offers up five more ways that consumers can resolve to improve their credit scores in 2009.

First the CPA's, now the CRA's (credit reporting agencies)

Last week, those of us here at Auto Credit Express Car Loans passed along the advice of the Illinois CPA Society in an article about financial fitness for the New Year. Today, only a couple of days into the New Year, we want to offer you 5 more tips on the same topic, only this time they're from TransUnion's TrueCredit division.

Although these tips are along the same lines, they are geared more toward improving your credit score and monitoring your credit report rather than budgeting and goal setting.

Here is the news release:

CHICAGO, / -- The majority of Americans have not ranked paying down debt as their number one New Year's resolution for the past three years, according to surveys, conducted by GfK Roper Public Affairs & Media / Roper Public Affairs. However, given the current economic landscape, it's safe to anticipate that many consumers may move improving their credit standing above losing weight on their list of resolutions this year.

"Consumers should approach the New Year as a time to start fresh and begin managing their credit more closely," said Lucy Duni, vice president of consumer education at by TransUnion. "While it can be overwhelming, now more than ever, consumers need to play a more active role in their financial management to ensure they are in the best possible position with lenders." is helping consumers stick to their credit resolutions in 2009 by providing a list of tips to keep them on the right track:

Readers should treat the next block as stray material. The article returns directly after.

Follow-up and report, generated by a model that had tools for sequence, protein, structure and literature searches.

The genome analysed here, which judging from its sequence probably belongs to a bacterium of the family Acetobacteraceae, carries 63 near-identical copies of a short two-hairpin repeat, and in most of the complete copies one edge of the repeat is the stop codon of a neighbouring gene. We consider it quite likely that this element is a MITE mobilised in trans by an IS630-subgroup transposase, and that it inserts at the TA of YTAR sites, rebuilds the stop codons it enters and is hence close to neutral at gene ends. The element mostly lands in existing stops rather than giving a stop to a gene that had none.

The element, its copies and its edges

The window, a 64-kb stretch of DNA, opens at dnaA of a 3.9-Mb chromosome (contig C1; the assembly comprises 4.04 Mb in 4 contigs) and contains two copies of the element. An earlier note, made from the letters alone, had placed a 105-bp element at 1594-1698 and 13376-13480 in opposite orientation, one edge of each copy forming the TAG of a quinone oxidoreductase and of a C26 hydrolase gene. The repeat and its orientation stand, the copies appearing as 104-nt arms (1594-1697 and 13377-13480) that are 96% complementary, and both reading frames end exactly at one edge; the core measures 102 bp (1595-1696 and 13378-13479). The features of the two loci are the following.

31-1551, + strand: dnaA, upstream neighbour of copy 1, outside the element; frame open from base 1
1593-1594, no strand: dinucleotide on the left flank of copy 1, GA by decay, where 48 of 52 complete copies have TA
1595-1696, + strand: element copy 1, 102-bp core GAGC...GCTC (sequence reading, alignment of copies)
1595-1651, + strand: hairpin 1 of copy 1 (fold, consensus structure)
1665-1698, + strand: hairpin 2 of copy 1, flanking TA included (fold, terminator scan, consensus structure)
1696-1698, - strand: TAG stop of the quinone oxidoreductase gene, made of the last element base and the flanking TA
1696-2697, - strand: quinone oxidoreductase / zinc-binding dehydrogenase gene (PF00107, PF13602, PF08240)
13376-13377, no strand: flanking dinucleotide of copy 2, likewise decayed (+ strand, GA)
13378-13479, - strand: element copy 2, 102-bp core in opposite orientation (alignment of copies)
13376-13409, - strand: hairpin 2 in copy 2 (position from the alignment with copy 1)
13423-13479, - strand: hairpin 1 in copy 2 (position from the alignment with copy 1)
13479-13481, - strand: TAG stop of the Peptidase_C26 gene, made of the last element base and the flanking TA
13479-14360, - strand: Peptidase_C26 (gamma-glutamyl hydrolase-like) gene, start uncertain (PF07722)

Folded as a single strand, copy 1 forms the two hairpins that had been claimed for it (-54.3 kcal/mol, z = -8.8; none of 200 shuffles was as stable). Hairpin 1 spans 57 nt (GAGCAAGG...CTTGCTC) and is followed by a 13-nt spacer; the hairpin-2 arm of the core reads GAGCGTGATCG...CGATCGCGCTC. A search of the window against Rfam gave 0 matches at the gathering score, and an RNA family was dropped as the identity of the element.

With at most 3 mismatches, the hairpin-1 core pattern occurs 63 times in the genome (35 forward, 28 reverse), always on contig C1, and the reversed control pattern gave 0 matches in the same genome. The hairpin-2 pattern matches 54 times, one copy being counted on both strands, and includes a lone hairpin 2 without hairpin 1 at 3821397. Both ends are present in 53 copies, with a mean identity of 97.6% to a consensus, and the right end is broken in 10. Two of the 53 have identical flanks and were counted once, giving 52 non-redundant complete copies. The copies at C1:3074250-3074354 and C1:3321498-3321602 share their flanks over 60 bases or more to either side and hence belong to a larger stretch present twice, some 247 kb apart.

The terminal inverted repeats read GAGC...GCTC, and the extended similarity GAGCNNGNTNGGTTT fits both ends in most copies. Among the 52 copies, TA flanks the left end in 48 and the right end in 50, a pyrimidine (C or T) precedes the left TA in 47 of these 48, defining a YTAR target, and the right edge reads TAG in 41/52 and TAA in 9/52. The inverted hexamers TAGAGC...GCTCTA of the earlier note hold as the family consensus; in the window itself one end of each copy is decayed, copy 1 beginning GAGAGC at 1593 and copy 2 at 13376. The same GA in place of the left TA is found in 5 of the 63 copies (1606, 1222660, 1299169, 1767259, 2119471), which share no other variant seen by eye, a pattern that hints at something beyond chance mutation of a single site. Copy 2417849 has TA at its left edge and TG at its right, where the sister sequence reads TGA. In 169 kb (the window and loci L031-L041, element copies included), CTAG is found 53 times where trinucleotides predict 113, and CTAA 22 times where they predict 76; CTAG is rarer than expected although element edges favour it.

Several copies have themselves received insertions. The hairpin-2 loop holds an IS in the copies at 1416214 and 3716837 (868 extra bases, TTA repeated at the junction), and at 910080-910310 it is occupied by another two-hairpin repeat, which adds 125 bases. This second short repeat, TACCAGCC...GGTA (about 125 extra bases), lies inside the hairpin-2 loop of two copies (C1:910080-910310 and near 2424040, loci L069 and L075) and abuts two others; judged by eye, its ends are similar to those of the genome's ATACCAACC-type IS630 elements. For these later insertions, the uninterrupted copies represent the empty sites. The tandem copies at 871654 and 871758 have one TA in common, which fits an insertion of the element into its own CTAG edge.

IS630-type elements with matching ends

• Always pay your bills on time. While it may sound like a no-brainer, making payments on time is essential whether consumers are trying to boost or maintain their credit score. Yet, TrueCredit's 2007 survey revealed that one in four (25 percent) respondents had missed making one or more on-time bill payments.

• Don't overspend: keep debt below 35 percent of your limits. Although it can be tempting and easy to overspend, it's important for consumers to keep their credit card balances low and not to max them out. Part of a lender's evaluation includes reviewing a consumer's available credit. If consumers are nearing or have over-extended their credit, it may impact their ability to be approved for a loan at a competitive rate.

• Keep tabs on your credit report. In order to maintain a "healthy" credit score and to position yourself best with creditors, it's important for consumers to monitor their report regularly to provide an up-to-date view on credit card activity and debt. It also enables consumers to identity possible signs of fraudulent activity, as the potential for identity theft remains significant.

• Monitor leases and loans closely where you are the co-signer. When consumers open a joint account or co-sign a loan, they are taking on legal responsibility for the account. Any activity on these shared accounts, good or bad, will be reflected in both credit reports.

• Long-standing credit card accounts can help your credit score. Consumers should be cautious when thinking about closing credit card accounts where they have been making punctual payments over a long period of time. In addition to lowering your available credit, canceling old credit accounts can also ultimately lower your credit score by making your credit history appear shorter.

The Bottom Line

While the advice from TransUnion is skewed toward the impact your credit decisions have on your credit report and your credit score, it is still good advice and can help you start off the New Year on a better financial footing.